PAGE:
Reply with quote #1
I had a weird experience with ordering two matched 300B quads from the US. I am based in Germany, so under European consumer law - alas! Customs would not hand over the product to me. First, they thought it was light bulbs, which are of course forbidden in the EU. Then, after I told them that the items were amplifier parts, they demanded CE declaration by the manufacturer. As it turns out, there is no CE declaration for tubes, just RoHS declaration. Then they handed over the case to somewhere above, and that board then decided that the items were no good for importing by a consumer since they lacked a written manual in German and also some other type of paper. I gave up. At least customs send the tubes back instead of blowing them up... Lucky me. Through all this the US seller, Dave Mell of Viva Tubes was very helpful and tried to do what he could. As the wares are now back at their store, I thought I might recommend you have a look: http://www.vivatubes.com/search.php?search_query=shuguang+300b&x=0&y=0 Interestingly, and not instilling much hope, when I tried to order some RCA 201A tubes from a different seller in the US who used the Ebay Global Shipping program which includes customs processing done in the US, these tubes were also not allowed to leave the land! Crazy times, Achim
Reply with quote #2
This is terrible. There are German suppliers of vacuum tubes. JJ tubes are made in Europe. I sell a lot into Europe, at least I used to. I may have to stop shipping products with tubes into Europe. Either you got some over zealous customs officials or trade barriers are going up.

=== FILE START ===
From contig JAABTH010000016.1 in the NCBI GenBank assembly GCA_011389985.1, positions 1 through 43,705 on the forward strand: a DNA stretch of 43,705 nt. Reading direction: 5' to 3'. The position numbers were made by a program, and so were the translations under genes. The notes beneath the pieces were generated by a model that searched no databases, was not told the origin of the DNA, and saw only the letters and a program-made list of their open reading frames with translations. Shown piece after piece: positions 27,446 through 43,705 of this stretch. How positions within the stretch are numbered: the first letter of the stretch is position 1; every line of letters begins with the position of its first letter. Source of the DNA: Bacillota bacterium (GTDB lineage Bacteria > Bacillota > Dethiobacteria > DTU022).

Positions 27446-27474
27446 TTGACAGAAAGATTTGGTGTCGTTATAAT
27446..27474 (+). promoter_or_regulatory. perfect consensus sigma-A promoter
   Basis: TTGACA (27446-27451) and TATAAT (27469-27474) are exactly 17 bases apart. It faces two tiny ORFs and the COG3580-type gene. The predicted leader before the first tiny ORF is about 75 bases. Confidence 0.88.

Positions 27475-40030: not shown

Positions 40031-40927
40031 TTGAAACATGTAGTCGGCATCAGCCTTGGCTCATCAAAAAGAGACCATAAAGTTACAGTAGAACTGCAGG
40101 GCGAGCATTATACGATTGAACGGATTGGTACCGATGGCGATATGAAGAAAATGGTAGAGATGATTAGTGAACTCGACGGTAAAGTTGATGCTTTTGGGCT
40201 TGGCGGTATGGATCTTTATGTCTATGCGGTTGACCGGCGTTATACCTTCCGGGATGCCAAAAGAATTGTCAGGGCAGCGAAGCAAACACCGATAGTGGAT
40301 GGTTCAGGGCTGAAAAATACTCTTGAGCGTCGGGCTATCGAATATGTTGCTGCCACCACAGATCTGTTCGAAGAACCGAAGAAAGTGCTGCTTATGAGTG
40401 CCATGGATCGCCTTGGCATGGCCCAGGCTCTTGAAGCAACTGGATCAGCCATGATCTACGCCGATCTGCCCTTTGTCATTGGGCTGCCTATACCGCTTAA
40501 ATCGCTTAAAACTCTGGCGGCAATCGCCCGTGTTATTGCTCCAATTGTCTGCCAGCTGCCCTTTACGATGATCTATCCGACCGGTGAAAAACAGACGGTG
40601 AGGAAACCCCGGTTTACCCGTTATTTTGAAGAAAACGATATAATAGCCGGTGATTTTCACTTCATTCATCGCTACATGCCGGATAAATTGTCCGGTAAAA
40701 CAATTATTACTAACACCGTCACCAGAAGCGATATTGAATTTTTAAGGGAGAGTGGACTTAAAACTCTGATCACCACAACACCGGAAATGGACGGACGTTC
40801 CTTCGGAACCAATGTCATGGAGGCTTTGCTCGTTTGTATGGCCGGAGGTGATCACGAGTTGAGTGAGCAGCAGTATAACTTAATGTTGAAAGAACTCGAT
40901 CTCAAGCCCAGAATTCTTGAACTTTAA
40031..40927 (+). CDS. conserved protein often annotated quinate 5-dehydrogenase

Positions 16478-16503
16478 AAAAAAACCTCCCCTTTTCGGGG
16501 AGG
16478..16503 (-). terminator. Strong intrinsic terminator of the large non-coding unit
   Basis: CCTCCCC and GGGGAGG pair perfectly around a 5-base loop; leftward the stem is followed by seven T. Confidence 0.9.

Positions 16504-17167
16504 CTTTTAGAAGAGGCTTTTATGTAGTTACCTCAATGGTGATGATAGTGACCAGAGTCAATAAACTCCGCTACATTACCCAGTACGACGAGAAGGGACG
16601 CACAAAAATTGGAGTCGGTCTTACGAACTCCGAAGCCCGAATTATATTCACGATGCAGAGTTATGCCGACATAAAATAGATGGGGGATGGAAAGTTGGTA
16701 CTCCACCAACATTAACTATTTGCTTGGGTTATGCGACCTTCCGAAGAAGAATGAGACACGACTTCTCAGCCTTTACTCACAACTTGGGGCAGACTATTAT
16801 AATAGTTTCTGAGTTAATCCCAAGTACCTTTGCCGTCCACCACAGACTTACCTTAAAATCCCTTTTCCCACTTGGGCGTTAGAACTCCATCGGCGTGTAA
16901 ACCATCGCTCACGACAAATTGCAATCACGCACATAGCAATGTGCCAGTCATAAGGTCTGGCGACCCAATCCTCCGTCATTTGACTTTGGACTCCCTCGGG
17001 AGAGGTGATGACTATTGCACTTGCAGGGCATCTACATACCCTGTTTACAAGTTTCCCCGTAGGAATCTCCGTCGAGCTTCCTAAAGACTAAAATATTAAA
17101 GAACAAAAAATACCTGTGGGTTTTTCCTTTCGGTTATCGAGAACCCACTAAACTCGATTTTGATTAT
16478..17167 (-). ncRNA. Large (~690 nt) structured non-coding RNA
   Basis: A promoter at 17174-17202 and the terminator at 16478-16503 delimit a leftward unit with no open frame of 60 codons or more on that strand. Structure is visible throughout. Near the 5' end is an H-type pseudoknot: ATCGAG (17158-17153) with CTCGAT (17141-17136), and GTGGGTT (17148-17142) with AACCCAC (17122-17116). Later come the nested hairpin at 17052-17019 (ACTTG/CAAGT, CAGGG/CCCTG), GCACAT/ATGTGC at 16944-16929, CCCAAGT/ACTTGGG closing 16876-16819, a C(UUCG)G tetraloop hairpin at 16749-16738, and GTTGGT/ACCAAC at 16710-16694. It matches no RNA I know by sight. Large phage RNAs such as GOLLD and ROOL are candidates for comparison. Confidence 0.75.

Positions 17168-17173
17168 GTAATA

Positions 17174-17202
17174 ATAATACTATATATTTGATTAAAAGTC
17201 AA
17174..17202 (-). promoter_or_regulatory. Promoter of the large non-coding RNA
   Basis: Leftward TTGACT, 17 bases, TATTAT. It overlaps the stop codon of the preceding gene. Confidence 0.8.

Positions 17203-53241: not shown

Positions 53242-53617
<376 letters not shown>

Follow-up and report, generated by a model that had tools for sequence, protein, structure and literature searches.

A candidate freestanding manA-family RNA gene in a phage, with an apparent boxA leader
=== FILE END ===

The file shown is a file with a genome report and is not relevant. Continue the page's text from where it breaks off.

Reply with quote #3
Yes, the folk at my office are definitely overzealous - but they had nothing to do with the other shipment not even leaving the US.
It made no difference to them when I pointed out that the very same tubes can be ordered from several retailers in Germany. European laws with regard to energy efficiency could become a problem for decent audio gear. Switching power supplies and poison-filled energy-saving light bulbs are the favored items in lawmakers' sweatshops.
Reply with quote #4
Germany is on the completely wrong track and not least in this case! And unfortunately they sort of govern all the EU, where I am too. One could try to declare the tubes as spare parts. I heard that regular bulbs can be still purchased as "heat sources". Maybe try it if you are in that again. Or dummy loads, whatever. This is silly. Will they ban power resistors too? I'm affraid yes. Every silly idea has support in the EU.
Reply with quote #5
Petr, I couldn't agree more. But where to move?
The clever attempt of declaring decent light bulbs as heat sources and thereby continue distribution has meanwhile been stymied by the gEUstapo...
Reply with quote #6
Spare parts used not to need CE approval. But it may have already changed.
I wonder how the EU could came to these ends when (at least theoretically) it is same democracy as US. The light bulbs ban was just a start years ago. Today every EU regulation is distinctly draconian concerning old citizens. People have to do something against this trend. I read that lot of Germans already move to Hungary. I can agree, nice women, nice wine and food. Only the language is probably difficult... But it is EU too, though with reasonable government.
Reply with quote #7
You know what I thought the other day - remember in the run-up to the fully fledged european currency union, there was already the EU common commerce. In those days they regulated the curvature of bananas allowed for trade in the EU! Everybody laughed about it, but nobody declined it.
These days, this appears to have been one of the tests just how far you can lead folks on a tether.